to that at the Single Facer. It then passes from the applicator to meet
the liner, which has been fed from the reel stand through a pre-conditioner
just as it enters the heating section.
3. HEATING (DRYING) SECTION
This section is a series of 'Hot Plates' called Steam
Chests, which are kept at a temperature around 340 - 360 degrees. The
double faced board passes over the top of these chests and the effect
is to dry the board out and in turn this dries the glue to give good adhesion
of liners to fluting medium. The board is kept in contact with the plates
by a continuous belt, and the pressure applied by the belt is kept constant
by idler rolls spaced at even intervals over the length of the Heating
4. COOLING SECTION
A continuous belt takes the position of the steam chests
and the board is allowed to cool as it continues towards duplex unit for
5. SLITTING AND CREASING UNIT
The Slitting and creasing units are a positioned series
of shafts. The they are usually separated into slitting and creasing shafts.
are two slitting shafts and three creasing shafts. As the board enters
the units for creasing, and then is slit to the correct first-way size.
The bends and slit blades on these shafts can be positioned anywhere on
the shafts within the limitations of the mounting bosses, (which is the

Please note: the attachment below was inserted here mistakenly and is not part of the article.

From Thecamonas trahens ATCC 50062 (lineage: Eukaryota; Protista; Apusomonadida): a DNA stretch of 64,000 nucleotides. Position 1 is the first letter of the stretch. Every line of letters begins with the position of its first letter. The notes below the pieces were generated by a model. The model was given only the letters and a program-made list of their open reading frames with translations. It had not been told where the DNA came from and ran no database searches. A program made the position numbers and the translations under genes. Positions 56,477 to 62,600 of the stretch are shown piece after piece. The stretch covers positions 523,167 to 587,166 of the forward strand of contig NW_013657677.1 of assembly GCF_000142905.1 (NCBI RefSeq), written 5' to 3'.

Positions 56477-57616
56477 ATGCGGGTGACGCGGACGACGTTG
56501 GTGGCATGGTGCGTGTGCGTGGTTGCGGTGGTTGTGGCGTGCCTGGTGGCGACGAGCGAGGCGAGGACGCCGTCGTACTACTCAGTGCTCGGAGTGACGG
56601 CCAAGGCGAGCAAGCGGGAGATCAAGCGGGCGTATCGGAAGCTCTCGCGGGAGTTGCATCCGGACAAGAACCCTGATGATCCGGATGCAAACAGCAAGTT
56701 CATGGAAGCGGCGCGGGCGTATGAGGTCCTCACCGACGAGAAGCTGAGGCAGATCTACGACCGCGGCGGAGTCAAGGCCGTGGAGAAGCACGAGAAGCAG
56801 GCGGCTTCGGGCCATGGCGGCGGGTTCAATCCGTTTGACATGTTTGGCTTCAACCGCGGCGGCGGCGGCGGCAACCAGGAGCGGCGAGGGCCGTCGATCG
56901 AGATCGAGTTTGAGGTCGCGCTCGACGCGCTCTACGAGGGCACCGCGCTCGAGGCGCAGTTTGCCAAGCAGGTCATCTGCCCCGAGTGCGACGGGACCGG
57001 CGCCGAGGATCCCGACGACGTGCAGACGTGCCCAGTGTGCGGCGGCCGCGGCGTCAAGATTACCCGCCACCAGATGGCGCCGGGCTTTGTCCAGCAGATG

width of that boss). Setting of the slitting and scoring units is often
computer controlled. The shafts can be raised and lowered as required,
to enable most standard first way crease to crease sizes to be manufactured
on a Corrugator with multiple shafts. Creases are of usually of the 3
point reverse or the 2 point Sauer type.
6. CHOP UNIT
This is a very complicated cutting machine, which cuts
the board into lengths as required.
The setting up of the chop size automatic and the board
length is governed by a complicated Gear assembly. The speed of the machine
and the position of the belts on the gear wheels gives the resultant board
length. The Chop unit can be of the single or multiple type. The
a single knife design has gained in popularity over recent years. This
means that only one job can be run at a time on this machine. Corrugators
that have multiple chop knives, can run more than one job, in a particular
grade, at one time. Both systems have their plus and minus points.
7. TAKE OFF
This is a series of belts which control the flow of
finished boards to the take-off section. On exiting the chop section the
pieces of board, which have now been cut to their correct board size and
had any first way bends put in, are separated and then shingled as they
start to go up the inclined belts. At the top of the belts the boards
reach the down stacker. The number of boards in the bundles at the take-off
points is regulated by gates which work automatically. When the set number
of boards is reached those still on the conveyor are held by the gates
while the completed stack is lowered to the bottom conveyor. The stacks
pass down a final conveyor system and are then automatically palletized.
A forklift then places the palletized board into a holding area prior
This is made by the Starch Plant Operator in the Starch plant, adjacent
to the Corrugator.
Basically the contents of a normal mix is:
550 Gals. of WATER
9 cwts. STARCH POWDER (normally maize)
33 lbs. BORAX
31 lbs. CAUSTIC SODA.
Single Facer - 35-40 secs
Double Backer - 60-70 sees